Super agents can communicate all this to ad networks, e.g. if a “no substitutes” tag is on a product, there’s no reason for a brand to pay to advertise to that buyer. If someone buys a car or truck it may be years before they are back in-market for those products, in the meantime all ads on any medium are a waste for both brands and buyers. GenAI will function as a chief of staff for the lifetime of a consumer across brands, channels, and life stages.

All the usual suspects will vie for dominance in this new era of super agents: Platforms such as Alipay, Amazon, Apple, Baidu, Google, Meta, Microsoft, TenCent, TikTok, WeChat, eCommerce players such as Shopify, customer experience companies such as Adobe and Salesforce. Payments companies such as Mastercard, Visa, and PayPal. AI players like OpenAI. Digital consultancies such as Accenture, Deloitte, Publicis/Sapient, etc. Or any combination thereof.

  • The winners will wholly embrace the idea that the most important partners to share data with are customers. It is a bold proposition, but as the tech industry has proven again and again, fortune favors the bold.

Buyer Benefits

  • Inherent privacy and consent: Super agents do not have to reveal why consumers are in the market for any specific item. The data that brands use for targeting such as demographics, click trails, social posts, lookalikes, transaction histories, weather, etc. are all weaker signals than intent. Personal information can be revealed progressively as needed to enhance offers and complete transactions.
  • Better experience: Super agents provide automated access to the best deals on preferred products, services, and substitutes based on price, availability, delivery, convenience, etc. They will also obviate the need for third party cookies, stalker ads, and irrelevant marketing.
  • Value-added insights: Examples might include analysis of savings potential across product categories, nutritional analysis from grocery purchases, ESG stats for the brands they patronize.

Seller Benefits

  • Improved customer experience: Enabling consumers to tell brands when they are in market takes the guesswork out of marketing and brands don’t need to encroach on the private lives of buyers thereby reducing risks of privacy violations and poor customer experiences.
  • Less tech expense: Brands don’t need massive customer data stores. They don’t need to send millions of emails or waste compute on trillions of personalization decisions when they know exactly who’s in and out of market every millisecond of the day.
  • Lower go to market costs: Intent-based marketplaces will monetize based on transactions rather than impressions making the market much more transparent and measurable, resulting in lower customer acquisition costs, fraud, cart abandonment, and reliance on third party influencers.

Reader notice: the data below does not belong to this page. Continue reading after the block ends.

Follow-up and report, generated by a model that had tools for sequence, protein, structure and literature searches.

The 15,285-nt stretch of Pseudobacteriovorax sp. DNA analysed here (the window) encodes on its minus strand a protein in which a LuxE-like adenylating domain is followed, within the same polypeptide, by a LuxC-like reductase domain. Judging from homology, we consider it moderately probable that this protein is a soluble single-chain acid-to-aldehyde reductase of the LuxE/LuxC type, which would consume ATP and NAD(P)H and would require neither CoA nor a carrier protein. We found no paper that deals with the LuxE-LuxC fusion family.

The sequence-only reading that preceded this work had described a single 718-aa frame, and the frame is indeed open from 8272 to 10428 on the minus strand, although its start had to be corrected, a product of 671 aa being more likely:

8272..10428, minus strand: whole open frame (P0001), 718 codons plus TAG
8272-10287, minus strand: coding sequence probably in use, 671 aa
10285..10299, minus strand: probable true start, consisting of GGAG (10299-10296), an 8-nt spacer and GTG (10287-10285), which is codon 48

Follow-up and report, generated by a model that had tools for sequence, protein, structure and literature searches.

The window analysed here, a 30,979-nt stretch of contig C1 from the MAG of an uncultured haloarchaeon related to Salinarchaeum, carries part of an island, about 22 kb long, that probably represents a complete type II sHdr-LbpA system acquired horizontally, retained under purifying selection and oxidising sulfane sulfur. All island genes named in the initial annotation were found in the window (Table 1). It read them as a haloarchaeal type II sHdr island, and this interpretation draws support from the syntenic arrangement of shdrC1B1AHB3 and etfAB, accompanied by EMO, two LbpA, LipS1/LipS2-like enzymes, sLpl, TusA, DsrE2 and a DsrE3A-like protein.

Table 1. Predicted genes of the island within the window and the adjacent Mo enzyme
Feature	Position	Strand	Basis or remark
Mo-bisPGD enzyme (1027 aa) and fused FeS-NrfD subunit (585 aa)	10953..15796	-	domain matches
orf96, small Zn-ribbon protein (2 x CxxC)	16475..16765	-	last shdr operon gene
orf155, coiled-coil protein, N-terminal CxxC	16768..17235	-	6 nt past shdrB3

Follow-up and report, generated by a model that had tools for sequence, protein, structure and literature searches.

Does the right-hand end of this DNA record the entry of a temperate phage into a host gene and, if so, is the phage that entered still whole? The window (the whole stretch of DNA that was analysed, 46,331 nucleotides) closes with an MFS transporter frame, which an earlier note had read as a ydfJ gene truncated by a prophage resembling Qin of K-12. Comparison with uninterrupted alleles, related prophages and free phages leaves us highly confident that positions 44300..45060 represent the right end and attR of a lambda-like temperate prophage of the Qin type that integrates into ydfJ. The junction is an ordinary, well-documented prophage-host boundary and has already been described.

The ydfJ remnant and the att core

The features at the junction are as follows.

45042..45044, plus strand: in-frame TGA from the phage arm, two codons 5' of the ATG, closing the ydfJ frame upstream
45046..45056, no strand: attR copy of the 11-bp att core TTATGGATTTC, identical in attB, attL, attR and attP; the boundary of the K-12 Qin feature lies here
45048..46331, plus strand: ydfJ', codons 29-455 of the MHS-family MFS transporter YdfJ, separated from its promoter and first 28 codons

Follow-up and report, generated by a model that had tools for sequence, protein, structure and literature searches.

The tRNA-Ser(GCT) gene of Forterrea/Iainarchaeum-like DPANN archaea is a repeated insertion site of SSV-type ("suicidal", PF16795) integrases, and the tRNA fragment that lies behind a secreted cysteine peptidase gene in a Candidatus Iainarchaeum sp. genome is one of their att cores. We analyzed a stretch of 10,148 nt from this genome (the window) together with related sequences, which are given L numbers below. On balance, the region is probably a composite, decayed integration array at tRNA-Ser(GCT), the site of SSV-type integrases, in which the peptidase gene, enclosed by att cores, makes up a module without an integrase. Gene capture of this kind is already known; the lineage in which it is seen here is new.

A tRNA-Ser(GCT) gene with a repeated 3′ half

The “NASDAQ” of AI Marketplaces

NASDAQ’s great innovation was to digitize, accelerate, and scale accessibility for stock transactions. It connects buyers and sellers and gives them an equivalent ability to control the terms of their market participation. At the transaction level consumer markets are not significantly different, but they are far more complex logistically. Super agents can advise consumers on the time, cost, and convenience of various delivery options, pick up at store, or how many stores they might have to visit to get desired products at the best deals.

The big advantages of a NASDAQ-like open platform include:

  • Reduced costs for both buyers and sellers.
  • Equal participation for sellers of all kinds from global brands to mom-and-pop shops from any platform.

A global AI-powered exchange offers many opportunities for tech companies to find their place in a new infrastructure from agent development, marketplace hosting, offer management, connectivity, security, governance, payments, logistics, and more.

Impact on Marketing and Advertising

Each new digital platform – the Internet, mobile, social, etc. – required new go-to-market practices. However, each of those innovations supported traditional ad models for a human audience. That will not go away, there is massive ad and influencer activity around stocks. But digital ad spend may undergo a major shift as brands and publishers get access to programmatic intent signals from super agents and overweight on paying commissions for transactions rather than fees for impressions.

Brands will have to find creative ways to extend incentive programs to encourage loyalty, advocacy, and lifetime value. Publishers will have to expedite intent pass-through to ad networks. Digital ad networks will have to be extended to traditional mass media. Those that move early at scale will have sustainable advantages. Brands and publishers that respond with the greatest immediacy and relevancy will have advantages. But they will have to make major changes to their go to market mindsets and practices and invest in new capabilities for supporting consumer data residency, dynamic real-time offers, frictionless logistics, and holistic support.

In other words, they’ll need an composable, intelligent infrastructure from intent signal to support call, from back office to front office, from supply chain to door drop. The payoff will be measured in $100Bs of revenue and trillions of dollars of market capitalization.

Gerry Murray is a Research Director with IDC’s Marketing and Sales Technology service where he covers marketing technology and related solutions. He produces competitive assessments, market forecasts, innovator reports, maturity models, case studies, and thought leadership research.